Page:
Washington International Law Journal


This article was written by Annen Junji and translated into English by Lee Rousso.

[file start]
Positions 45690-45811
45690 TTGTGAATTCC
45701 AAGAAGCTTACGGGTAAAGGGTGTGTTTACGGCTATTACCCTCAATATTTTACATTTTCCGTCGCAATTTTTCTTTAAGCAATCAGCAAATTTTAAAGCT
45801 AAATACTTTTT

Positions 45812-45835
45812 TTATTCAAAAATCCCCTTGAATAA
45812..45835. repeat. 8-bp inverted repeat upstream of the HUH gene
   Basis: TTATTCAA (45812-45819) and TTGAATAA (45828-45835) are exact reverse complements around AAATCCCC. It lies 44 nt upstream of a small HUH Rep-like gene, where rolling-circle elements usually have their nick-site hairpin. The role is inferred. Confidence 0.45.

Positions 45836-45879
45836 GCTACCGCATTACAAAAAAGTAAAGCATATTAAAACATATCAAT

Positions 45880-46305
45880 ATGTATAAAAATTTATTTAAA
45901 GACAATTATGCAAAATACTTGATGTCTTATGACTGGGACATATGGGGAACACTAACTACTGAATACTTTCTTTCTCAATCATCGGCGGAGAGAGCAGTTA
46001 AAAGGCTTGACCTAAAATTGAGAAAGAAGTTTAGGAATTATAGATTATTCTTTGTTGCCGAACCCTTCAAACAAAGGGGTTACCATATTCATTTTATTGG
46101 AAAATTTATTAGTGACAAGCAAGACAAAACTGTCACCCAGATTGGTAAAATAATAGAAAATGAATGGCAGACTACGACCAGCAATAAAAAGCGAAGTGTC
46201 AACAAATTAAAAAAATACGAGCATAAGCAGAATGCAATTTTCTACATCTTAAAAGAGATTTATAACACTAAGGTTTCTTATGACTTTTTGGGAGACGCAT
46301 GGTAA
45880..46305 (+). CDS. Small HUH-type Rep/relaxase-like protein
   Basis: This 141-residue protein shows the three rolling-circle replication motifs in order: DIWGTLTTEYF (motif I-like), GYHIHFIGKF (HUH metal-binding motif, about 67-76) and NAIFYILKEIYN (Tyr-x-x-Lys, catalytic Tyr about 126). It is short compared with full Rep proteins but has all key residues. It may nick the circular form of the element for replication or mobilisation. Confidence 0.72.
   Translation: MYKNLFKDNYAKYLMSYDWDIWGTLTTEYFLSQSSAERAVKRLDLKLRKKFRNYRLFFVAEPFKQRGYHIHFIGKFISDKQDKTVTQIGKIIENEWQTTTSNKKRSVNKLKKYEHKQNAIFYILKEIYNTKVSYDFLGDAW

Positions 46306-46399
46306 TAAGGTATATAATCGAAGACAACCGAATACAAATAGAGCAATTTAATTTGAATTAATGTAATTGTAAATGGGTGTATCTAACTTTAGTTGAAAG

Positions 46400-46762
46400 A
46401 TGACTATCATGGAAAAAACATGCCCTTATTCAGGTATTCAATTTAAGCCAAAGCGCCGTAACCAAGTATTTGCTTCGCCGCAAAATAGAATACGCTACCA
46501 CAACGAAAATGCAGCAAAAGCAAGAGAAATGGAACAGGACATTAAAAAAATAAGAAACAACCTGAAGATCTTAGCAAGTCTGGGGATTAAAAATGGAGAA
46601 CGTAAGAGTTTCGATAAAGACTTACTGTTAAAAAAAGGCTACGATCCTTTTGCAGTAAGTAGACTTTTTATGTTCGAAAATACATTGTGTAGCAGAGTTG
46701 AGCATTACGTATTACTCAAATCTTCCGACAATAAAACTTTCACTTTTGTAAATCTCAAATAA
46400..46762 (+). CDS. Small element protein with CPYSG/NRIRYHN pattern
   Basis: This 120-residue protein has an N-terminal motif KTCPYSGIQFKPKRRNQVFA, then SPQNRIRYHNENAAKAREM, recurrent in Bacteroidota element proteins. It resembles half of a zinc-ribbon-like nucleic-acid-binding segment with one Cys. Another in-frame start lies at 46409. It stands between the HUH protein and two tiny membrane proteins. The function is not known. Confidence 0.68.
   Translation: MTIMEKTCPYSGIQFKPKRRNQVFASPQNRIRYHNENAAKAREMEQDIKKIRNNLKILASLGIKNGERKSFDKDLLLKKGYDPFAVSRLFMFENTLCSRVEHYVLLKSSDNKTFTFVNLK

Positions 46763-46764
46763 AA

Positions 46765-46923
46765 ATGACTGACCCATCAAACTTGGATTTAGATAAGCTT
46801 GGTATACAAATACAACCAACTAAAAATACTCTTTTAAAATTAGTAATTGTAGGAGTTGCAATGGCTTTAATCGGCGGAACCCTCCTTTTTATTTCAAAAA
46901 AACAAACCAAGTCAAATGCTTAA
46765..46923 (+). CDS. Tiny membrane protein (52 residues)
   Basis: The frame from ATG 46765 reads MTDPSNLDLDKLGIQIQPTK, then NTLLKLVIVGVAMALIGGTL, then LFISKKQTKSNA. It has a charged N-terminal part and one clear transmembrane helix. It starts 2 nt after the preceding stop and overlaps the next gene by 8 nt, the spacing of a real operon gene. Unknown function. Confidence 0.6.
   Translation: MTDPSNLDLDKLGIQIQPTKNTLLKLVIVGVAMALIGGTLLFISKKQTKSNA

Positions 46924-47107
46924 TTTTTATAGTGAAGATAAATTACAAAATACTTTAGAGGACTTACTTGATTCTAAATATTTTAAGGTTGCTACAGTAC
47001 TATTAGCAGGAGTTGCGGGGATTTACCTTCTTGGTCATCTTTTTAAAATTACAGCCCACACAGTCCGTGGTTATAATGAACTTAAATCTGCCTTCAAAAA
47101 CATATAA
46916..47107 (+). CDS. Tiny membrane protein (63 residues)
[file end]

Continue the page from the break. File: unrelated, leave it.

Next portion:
Translator's Forward: These are not happy times in Japan. Its economy, at one time the most dynamic on the planet, has been in the dumps for over a decade. The population is both aging and declining. A "lost generation" of young Japanese has come of age amid diminished, and diminishing, expectations. The government, controlled as always by the Liberal Democratic Party ("LDP"), is rigid, bloated, corrupt, and deeply in debt. And there is no real reason to believe that the next decade will bring improvement in any of these areas. Not surprisingly, as Japan's economic juggernaut has faltered, the tone of Japanese writing on Japan has moved from self-celebration to self-doubt. It was against this background that in 2000 Kamiya Masako compiled a collection of essays entitled "Rereading the Japanese National Constitution." Included in the collection was Professor Annen's "Constitutionalism as a Political Culture." Professor Annen's essay stands out because it confirms the widely held suspicion that the commitment of the Japanese people to their national constitution is tenuous at best. He argues that the peace and prosperity of postwar Japan made the Constitution a tolerable, if only marginal, piece of Japan's social and political fabric. With prosperity fading and patience with Japan's security arrangements growing thin, Annen asks whether the Constitution itself could become a casualty. He answers the question more or less in the affinmative. For an American reader, both the discussion and the conclusion are stunning. While Americans may disagree over any number of political issues, the discourse always assumes the continued validity and vitality of the United States Constitution. It is simply unthinkable that the Constitution would be discarded due to changing economic conditions or public apathy. Indeed, the Constitution and the national identity are so firmly intertwined that to abandon the former would be to extinguish the latter. Not so in Japan. There are two explanations for the shallow roots of constitutionalism in Japan. First, Japan, unlike the United States, has a long national history that predates its constitution. For example, the genealogy of Japan's Imperial family can reliably be traced back almost two thousand years. Japan's political infrastructure was sufficiently developed by 710 A.D. that a great Imperial capital could be built at Nara. More recently, Japan was "reunified" in 1600 by the military government of Tokugawa Ieyasu. Thus the Constitution, promulgated in 1889, is a real latecomer.

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